Princeton sociologist Matthew Desmond was recently on the NPR interview program Fresh Air speaking with guest host Dave Davies, who is also a senior reporter for WHYY in Philadelphia.
Desmond’s 2017 book Evicted received a Pulitzer Prize. His new book is Poverty, by America, in which he looks at factors that create and sustain financial inequality. And, for anyone who has a knee-jerk reaction of assuming that means everyone should be exactly the same, no, of course not, as that is never possible. However, what could occur is a reduction in the number of ways in which many millions are kept down so that a smaller contingent can benefit.
“Most government aid goes to families that need it the least,” Desmond said on the show. He pointed to tax breaks as a government mechanism that largely benefits the wealthy. And he’s right.
Start with one point he brings up: the mortgage interest deduction. Many people will argue that it isn’t a government benefit like “a housing subsidy or food stamps.” But of course it is. If you get to deduct interest payments, especially early on in ownership when they form the large bulk of mortgage payments, you don’t pay taxes on that amount. The more expensive the home and higher the mortgage, the greater the subsidy effectively is.
Home ownership comes with many benefits. It can help improve financial standing, allows you to build wealth for yourself in property rather than doing so for a landlord. For the vast majority of mortgages, you’re talking about a fixed rate over 15 or 30 years. Over that time, the cost doesn’t increase, although rents will, so you’ve capped an important personal expense. Ownership looks better when companies determine credit ratings.
You could argue that at the moment, with a home ownership rate of 65.9%, the majority of people receive this benefit. Except, that isn’t so. The majority never did and that dropped significantly after the Tax Cuts and Jobs Act of 2017, when the GOP and Trump added more benefits to the wealthy.
The reason most people don’t get the mortgage interest benefit is because claiming it requires itemizing tax deductions rather than using the standard deduction. But to itemize, you need enough deductions. In 2019, the Tax Foundation estimated how many people itemized after those big tax changes in 2017 that made it harder for most taxpayers to do so. It was 13.7%, or more than 17 percentage points lower than before the 2017 law.
Desmond pointed to a National Bureau of Economic Research study from 2015. Even at that point, about $195 billion of the $270 billion the federal government spent on housing was in the form of these tax code-based deductions. The remaining $75 billion is spent on the poor, or less than a third as much.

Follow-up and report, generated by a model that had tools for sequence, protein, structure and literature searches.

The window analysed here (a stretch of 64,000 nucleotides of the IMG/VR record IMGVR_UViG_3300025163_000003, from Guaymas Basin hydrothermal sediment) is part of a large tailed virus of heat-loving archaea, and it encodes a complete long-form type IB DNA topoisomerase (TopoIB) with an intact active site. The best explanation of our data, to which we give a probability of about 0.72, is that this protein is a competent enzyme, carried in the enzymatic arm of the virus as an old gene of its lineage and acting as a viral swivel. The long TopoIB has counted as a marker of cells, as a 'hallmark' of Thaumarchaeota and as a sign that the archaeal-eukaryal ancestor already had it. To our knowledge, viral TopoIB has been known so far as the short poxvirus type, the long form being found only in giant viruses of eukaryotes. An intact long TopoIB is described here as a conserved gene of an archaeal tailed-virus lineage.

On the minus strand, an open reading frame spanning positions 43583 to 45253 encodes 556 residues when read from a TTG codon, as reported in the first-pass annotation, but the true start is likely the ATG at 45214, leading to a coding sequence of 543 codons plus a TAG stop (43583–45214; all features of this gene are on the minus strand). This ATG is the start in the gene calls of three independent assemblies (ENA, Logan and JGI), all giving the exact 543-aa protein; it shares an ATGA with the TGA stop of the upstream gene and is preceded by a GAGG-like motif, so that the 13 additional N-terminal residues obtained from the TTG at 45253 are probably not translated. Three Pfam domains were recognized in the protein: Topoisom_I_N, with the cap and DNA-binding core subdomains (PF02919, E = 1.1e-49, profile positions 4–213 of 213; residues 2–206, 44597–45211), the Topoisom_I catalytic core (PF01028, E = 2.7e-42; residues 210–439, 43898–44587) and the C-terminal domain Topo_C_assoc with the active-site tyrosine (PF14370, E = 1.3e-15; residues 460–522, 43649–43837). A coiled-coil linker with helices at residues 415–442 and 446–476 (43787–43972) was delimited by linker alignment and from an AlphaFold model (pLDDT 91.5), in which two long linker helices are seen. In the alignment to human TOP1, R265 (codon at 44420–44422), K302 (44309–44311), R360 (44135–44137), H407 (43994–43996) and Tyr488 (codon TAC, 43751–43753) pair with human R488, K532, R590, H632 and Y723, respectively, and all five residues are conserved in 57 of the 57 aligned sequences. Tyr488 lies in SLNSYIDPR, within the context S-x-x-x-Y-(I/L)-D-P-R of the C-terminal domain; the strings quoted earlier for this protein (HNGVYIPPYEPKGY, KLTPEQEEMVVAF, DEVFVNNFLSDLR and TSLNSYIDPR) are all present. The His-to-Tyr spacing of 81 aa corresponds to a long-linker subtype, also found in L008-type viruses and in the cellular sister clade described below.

That $195 billion now is for the people who can claim it on their taxes, or less than 14% of the tax paying population.
Compare that to the child tax credit under the pandemic aid, a move that cut childhood poverty by about half, which Politifact verified. But that ended quickly, as it cost $125.5 billion a year, according to the Tax Policy Center. Which is significantly less than the price tag for subsidizing housing for a small percentage of relatively well-off taxpayers.
Or talk about workarounds that avoid the estate tax. There are tactics wealthy people can employ (because if you’re not wealthy, you’re not going to qualify for the estate tax). One is called step-up basis. Say you have some assets. You bought them decades ago and they’ve appreciated significantly. You are ultimately taxes on the increase in their value for capital gains, and it takes a sale of the assets to trigger the tax. Instead, you hold the assets until your death, when they pass onto your heirs. But with a basis step-up, the value is reset to its current level and the heirs don’t suddenly have a big tax bill to meet. All that increased value is now invisible to the tax authorities.
Another National Bureau of Economic Research study, this one from 2021, pointed to a massive amount of tax dodging by the wealthiest in the country. “We estimate that 36% of federal income taxes unpaid are owed by the top 1% and that collecting all unpaid federal income tax from this group would increase federal revenues by about $175 billion annually,” the researchers wrote. That would pay for the child tax credit and still leave $50 billion additional to put toward the national debt. But who’s taxes get the most scrutiny? People who earn very little.
It’s time for the wealthy to take some of their own advice and pay their own way.